At its RSNA booth, Ziosoft offered a full 3-D rendering of a heart in motion and invited attendees to rotate and virtually dissect it. The beating heart could be sliced through while in motion, offering views of the myocardium and valves in motion as only previously seen by surgeons. The views also showed the movement of the valve leaflets and the chordae tendineae.
The application of this technology holds promise in surgical planning, transcatheter valve replacements and septal shunt occlusion. It may also allow a new breed of hybrid imaging in the cath lab, where live angiography could be synchronized with a 3-D cardiac reconstruction in motion, rather than a frozen image.
The company hopes to have a commercialized version of the software in 2011.
An iPad that Controls PACS Workstations
While many vendors at RSNA showed integration of their PACS and advanced visualization functionality with the iPad, McKesson’s engineers took the concept a step further. The company showed works-in-progress software that enables an iPad user to take the device to any workstation in a hospital and wirelessly connect with it. The iPad then becomes the controller for what is viewed on the larger, diagnostic-quality display screen. It allows the touchscreen and figure movement workflow that make the iPad and iPhone-type devices so popular. The advantage of the system is it allows quick access and viewing on diagnostic-quality screens, which will please the FDA, since iPad screens are not considered high enough quality from which to make a diagnosis.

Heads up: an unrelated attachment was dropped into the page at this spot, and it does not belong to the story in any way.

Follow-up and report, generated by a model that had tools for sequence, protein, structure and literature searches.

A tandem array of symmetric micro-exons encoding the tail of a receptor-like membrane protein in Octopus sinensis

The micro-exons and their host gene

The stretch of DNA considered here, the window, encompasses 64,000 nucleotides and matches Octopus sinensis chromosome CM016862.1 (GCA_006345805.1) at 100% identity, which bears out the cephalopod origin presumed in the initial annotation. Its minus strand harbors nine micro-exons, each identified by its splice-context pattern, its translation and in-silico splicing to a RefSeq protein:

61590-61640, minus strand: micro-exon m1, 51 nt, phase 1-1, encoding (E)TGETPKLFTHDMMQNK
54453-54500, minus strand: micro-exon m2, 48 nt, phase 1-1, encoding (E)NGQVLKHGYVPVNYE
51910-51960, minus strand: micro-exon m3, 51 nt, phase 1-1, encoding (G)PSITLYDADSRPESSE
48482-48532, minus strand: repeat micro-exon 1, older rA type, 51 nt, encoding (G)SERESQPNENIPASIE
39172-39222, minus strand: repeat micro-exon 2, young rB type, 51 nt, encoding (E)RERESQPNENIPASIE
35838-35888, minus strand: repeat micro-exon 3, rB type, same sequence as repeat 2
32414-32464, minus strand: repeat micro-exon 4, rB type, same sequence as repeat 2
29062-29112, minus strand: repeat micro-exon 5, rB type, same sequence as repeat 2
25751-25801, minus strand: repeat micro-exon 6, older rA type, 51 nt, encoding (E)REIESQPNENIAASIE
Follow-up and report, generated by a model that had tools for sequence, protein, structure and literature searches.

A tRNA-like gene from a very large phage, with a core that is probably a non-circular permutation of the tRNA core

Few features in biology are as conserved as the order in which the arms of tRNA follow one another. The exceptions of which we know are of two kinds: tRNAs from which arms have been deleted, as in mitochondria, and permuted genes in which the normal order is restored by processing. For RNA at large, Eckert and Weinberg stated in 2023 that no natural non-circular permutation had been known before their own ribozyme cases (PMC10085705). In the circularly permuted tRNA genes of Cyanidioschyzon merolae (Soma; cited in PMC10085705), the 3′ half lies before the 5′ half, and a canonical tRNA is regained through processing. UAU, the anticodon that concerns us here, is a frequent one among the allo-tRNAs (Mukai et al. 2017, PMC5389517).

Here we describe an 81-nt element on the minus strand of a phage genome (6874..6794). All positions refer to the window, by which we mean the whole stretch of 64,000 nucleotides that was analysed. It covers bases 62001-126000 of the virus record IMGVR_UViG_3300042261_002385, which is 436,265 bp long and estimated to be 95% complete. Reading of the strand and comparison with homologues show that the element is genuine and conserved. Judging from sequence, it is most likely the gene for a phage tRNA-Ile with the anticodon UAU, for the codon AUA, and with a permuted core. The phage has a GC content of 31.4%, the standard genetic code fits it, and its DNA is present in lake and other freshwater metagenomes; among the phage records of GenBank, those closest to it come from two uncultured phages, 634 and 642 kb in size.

When radiologists first switched from film to PACS-based image review systems, many complained the computer forced them to stay at a desk in one location all day, rather than taking an image with them to show other physicians involved in a patient case. Many say the conversion to PACS reduced the level of face-to-face collaboration. This new method of carrying images around may return some of this lost face-to-face time with colleagues.
McKesson said RSNA attendees really liked the concept of the device interface and the company plans to move forward with commercializing the technology in 2011.
PET/MRI Makes its Debut
Both Siemens and Philips showed their works-in-progress PET/MRI systems. While the modalities are the same, they differ in their designs.
The major obstacle to developing this hybrid imaging system has been that photo-multipliers used in PET imaging do not operate in intense magnetic fields. Siemens engineers figured out how to shield the system to integrate the PET detectors inside the MRI machine. The result is a machine a little longer than a standard MRI system.